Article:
Jacob lay at the bottom of the ladder. The LORD stood at the top of the latter. It was a picture of God becoming a man. God at the top of the ladder would be born from the seed of Jacob at the bottom of the ladder. The holy God and sinful man would be reconciled. We don’t climb Jacob’s ladder. God comes down the latter to us. He becomes a little baby, born of the Virgin Mary. Jesus told Nathanael that he would see heaven opened and angels ascending and descending on the Son of Man. He was claiming to be the incarnate God and the One who would bring God together with men. Jacob’s ladder was a promise. Jesus was the fulfillment of that promise. In fulfilling that promise Jesus would reign as King.

As our Prophet, Jesus speaks his saving Word to us and gives salvation to us through that Word. As our Priest, Jesus offered up his life on the cross to take away our sins and is our one and only Mediator with God. As our King, Jesus rules over us. He governs our lives. He has authority over us.

There are different kinds of authority. Islam in Arabic is Shalom in Hebrew. But they are translated differently. Islam is translated submission. Shalom is translated peace. The Koran demands submission. The Holy Scriptures promise peace. Our king rules over us by making peace between God and us. He comes down from heaven to reconcile us to God. The angels announced peace on earth, goodwill toward men. Islam demands submission to their god. But he isn’t their father. There is no true peace in Islam because the Law without the Gospel leaves sinners spiritually dead.

Islam is a religion of death. It denies that Jesus is the Son of God. It denies that he suffered and died on the cross to take away our sin. It denies that God forgives sinners freely for the sake of Christ’s obedience and suffering. While the words Islam and Shalom are the same, they mean entirely different things. Islam offers no true peace. Muslims are required to submit, not in faith to the Gospel, but to a false god who cannot save them from their sins.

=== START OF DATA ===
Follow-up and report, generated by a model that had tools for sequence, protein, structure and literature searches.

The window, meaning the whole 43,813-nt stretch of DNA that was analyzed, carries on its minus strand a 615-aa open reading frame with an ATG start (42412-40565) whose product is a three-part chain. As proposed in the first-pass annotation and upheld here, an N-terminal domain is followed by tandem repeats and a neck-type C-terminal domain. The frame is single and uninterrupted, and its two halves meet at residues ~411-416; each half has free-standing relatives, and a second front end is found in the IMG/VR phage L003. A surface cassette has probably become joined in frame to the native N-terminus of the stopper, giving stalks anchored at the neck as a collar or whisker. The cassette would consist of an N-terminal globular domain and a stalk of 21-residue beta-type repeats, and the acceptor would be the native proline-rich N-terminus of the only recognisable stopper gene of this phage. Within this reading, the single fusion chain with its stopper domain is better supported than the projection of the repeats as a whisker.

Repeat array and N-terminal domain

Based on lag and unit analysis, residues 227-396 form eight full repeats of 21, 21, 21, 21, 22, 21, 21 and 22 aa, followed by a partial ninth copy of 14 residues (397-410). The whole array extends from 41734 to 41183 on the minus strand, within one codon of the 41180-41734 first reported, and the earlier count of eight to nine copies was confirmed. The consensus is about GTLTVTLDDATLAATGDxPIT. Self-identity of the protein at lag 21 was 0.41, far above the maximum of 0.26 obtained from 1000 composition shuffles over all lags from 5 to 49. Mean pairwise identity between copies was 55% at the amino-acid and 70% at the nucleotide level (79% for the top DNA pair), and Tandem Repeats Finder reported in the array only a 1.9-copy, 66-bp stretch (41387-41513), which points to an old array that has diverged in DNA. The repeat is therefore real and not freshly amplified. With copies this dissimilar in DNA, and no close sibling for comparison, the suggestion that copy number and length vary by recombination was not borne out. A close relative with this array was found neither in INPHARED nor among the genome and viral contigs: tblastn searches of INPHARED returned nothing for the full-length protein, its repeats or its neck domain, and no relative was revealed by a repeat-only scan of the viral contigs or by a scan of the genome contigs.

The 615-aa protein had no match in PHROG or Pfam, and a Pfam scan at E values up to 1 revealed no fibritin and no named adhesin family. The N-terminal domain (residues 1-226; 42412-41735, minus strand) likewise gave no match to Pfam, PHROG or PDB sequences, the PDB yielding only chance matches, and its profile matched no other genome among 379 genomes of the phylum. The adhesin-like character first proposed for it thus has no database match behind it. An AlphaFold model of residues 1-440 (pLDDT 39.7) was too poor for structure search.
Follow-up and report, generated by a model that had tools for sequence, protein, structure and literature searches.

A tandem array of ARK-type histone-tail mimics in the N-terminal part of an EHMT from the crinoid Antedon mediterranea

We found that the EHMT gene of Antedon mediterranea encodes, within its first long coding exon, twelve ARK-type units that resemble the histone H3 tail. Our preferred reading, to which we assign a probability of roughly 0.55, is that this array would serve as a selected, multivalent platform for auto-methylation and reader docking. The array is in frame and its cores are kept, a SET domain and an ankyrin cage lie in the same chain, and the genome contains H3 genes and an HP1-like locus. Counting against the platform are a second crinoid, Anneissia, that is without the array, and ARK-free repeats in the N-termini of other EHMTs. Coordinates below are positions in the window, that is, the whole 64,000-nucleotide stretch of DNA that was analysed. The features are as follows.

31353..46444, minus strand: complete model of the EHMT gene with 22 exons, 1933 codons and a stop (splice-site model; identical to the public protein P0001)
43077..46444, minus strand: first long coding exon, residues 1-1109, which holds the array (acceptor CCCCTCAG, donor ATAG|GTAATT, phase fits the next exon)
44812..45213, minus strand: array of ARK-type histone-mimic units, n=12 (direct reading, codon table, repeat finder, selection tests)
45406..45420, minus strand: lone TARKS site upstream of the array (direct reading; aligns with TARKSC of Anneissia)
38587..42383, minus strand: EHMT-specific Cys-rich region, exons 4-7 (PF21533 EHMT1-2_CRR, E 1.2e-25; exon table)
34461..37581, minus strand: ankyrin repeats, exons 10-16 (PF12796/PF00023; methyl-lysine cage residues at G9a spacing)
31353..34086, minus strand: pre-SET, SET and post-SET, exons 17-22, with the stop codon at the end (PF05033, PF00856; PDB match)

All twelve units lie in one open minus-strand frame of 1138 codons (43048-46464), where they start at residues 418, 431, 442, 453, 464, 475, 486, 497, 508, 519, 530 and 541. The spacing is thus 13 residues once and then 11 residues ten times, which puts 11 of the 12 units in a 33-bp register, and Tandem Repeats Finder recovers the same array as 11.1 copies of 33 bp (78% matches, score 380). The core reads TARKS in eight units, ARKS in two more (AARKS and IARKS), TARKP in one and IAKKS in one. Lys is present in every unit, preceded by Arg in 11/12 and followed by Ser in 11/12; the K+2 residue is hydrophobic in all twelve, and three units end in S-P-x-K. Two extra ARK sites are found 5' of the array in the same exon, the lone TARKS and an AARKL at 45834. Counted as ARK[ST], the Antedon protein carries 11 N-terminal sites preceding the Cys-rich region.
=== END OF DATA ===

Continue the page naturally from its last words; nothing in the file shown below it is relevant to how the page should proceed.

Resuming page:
Christ exercises a different kind of authority. He does not rule over us by threats or force. He does not govern us by frightening us into submission. He told Pilate that his kingdom was not of this world. He rules over us not by force, but by his authority on earth to forgive sins.

He gained the authority to forgive all sinners all of their sins on the cross. The day he rose from the dead he gave this authority to his holy Christian Church on earth. The church is the kingdom of God. Here Jesus rules as King. He wins our devotion to him by blessing us with the forgiveness he won by bearing all of our sins. On the cross he won the authority to reign over us. His kingdom comes to us here on earth wherever his Gospel sounds forth and his Sacraments are given. He exercises no civil or military power. Instead he sends his Spirit to conquer our hearts. He does not force us against our will. He changes our will. We who were unwilling are now willing children of God who desire what Jesus alone can give. He doesn’t bully us. He doesn’t threaten us. He doesn’t push us around. He doesn’t lay burdens on us. He takes our burdens off of us. He rules over us by his grace alone. He, who saw in Nathanael an Israelite in whom there was no guile, sends the Holy Spirit into our hearts that we may in sincerity and truth receive him as our King. His government provides pure and eternal freedom and rest for our souls. Amen